The fastest growing food retailer in America is Aldi. Very soon, though, the fastest growing retailer in America will be Lidl. Both are deep-discount concepts, heavy to private label and lesser service.
How will traditional supermarkets respond?
If the experience of retailers in the U.K., where the market share of these deep-discounters now exceeds 10 percent, is any guide, the answer is: Not very effectively.
At first U.K. retailers ignored the threat, thinking these options were downscale and not likely to appeal to most shoppers. But Aldi and Lidl evolved and made their concepts acceptable to the vast majority for at least some of their purchases.
Then U.K. retailers responded by developing tiered offerings of their own private label lines. The bottom tier was made to be price-competitive with Aldi and Lidl. The programs did not have great success for two reasons:
First, top management did not reduce the margin requirements that store management was expected to deliver. So many stores stopped carrying these lower-margin lines or displayed them in such a way that they were guaranteed not to sell very much.
Second, in designing these products, the effort made was to offer something that was low priced enough to woo those shoppers tempted to stray and shop at a deep-discounter while simultaneously making the offer sufficiently unappealing so that the supermarket’s standard shopper would find the low-margin offer unacceptable.
It turned out that in the early years there was some stigma to shopping at the deep-discounters in the U.K., but, in time, the perception changed, the number of outlets changed and the economy changed – and some confluence of this made it socially acceptable to shop at these deep-discounters. In fact, since these stores offered a uniform experience for all shoppers, it turned into an advantage as everyone was shopping on an equal playing field as opposed to supermarkets where the ugly packaging of the low tier offer often made shoppers feel as if they were getting the fish eye from other shoppers or cashiers.
One interesting question is what role service delis will play in the supermarket response to deep-discounters that do not offer service.
It would make a lot of sense for supermarkets to seize on their service offerings as unique points of differentiation with the deep-discounters. Focusing on service and assortment certainly is an emphasis that will be difficult, if not impossible for the deep-discounters to compete against.
Yet that seems unlikely to be the response by most retailers. The response is likely to reflect “price investments” to make supermarkets more competitive on price with the deep-discounters. If the supermarkets cannot be competitive on every single item, these discounts will allow supermarkets to be price competitive at least on many key items.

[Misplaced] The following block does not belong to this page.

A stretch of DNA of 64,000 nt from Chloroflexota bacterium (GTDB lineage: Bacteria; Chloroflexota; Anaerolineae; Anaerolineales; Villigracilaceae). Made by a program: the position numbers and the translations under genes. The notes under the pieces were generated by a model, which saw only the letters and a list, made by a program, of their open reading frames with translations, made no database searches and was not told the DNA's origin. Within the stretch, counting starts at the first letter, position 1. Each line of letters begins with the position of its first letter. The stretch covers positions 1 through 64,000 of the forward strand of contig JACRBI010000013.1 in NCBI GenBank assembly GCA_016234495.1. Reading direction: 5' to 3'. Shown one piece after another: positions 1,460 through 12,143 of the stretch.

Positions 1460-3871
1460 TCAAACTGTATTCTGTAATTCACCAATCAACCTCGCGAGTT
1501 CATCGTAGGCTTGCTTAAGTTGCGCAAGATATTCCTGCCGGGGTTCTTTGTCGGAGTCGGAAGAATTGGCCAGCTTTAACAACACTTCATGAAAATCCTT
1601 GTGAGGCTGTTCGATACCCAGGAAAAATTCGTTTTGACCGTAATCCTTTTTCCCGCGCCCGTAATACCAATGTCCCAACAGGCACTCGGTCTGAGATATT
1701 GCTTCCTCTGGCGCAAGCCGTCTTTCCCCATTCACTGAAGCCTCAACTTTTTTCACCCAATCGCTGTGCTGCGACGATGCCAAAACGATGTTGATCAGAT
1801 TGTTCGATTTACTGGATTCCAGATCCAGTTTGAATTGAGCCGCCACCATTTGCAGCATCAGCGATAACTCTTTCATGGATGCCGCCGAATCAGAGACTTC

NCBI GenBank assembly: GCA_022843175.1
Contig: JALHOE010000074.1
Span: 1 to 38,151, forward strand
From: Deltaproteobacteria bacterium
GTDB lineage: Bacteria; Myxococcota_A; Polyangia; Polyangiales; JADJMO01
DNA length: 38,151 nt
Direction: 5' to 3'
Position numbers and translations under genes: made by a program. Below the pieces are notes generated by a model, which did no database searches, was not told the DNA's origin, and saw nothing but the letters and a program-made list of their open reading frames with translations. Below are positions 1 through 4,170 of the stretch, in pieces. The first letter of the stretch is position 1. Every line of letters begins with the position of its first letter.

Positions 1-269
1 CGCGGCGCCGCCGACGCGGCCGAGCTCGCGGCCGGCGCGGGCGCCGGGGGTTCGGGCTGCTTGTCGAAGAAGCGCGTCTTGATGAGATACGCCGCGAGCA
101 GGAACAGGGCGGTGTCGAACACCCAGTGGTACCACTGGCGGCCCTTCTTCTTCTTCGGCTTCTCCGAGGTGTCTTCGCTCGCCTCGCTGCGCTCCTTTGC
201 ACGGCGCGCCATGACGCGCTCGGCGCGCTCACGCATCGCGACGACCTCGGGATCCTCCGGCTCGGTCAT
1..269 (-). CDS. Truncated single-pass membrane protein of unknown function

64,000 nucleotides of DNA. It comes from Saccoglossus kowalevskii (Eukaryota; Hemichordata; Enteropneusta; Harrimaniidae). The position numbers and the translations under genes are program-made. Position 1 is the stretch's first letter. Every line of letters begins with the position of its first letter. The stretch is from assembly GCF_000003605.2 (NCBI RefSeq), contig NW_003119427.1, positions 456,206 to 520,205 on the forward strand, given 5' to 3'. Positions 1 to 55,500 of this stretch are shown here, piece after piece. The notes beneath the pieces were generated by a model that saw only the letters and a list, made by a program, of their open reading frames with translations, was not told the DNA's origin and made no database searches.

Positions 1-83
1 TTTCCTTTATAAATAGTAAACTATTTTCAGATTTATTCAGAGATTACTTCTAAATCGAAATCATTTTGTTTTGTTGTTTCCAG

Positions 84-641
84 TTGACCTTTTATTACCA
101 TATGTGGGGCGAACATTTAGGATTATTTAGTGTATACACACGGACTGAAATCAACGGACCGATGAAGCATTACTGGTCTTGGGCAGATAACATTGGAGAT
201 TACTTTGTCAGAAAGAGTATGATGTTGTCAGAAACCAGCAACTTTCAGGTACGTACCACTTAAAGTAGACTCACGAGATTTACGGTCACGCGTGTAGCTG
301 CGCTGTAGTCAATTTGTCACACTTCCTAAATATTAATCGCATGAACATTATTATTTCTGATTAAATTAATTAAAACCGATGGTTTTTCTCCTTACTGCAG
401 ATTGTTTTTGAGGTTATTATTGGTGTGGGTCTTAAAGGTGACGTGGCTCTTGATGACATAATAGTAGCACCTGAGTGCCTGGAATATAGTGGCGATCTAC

It all sounds fine, but the cost structure of an Aldi or Lidl allows these stores to operate less expensively than a traditional supermarket. So to be price-competitive, retailers will look to do things to reduce costs, say, cut labor hours in every department.
Now consumers will be confronted not with a higher service, higher assortment option that costs more but offers value for money. Instead, consumers will be confronted with long lines, out-of-stocks, stressed employees and, in general, an unsatisfactory experience. And, guess what? It still won’t be as low cost as Aldi or Lidl.
Basically, it will not be a sufficiently low-cost option to dissuade those customers focused on price from going to the deep-discounters. The current supermarket shopper base will grow disenchanted because the shopping experience will have declined sufficiently due to labor cutbacks and efforts to reduce assortment to focus buying power and reduce operational costs.
The big development in retailing is the growth of national chains unconstrained by geographic limitations: Aldi, Lidl, Trader Joe’s, Costco, Whole Foods, Amazon Fresh, Wal-Mart and more. What both unites and differentiates these concepts is specialization. Whether it is the epicurean flair of Trader Joe’s or the discounting model of Aldi or the healthy luxury of Whole Foods, each concept is able to focus on particular strengths.
Generalists – like most supermarkets – simply won’t be as good on anyone point as dedicated specialists. Consumers are less loyal today, more prone to go to specialists for special things. When it comes to the deli, supermarkets have an enterprise that, done right, can be an attraction unto itself.
Delis can also be starved of resources and forced to go into battle with undo restrictions on labor and assortment — sending the deli into battle without these two powerful weapons guarantees failure. So the challenge is to position the deli internally as the crucial tool to fight the discounters — a tool worthy of investment.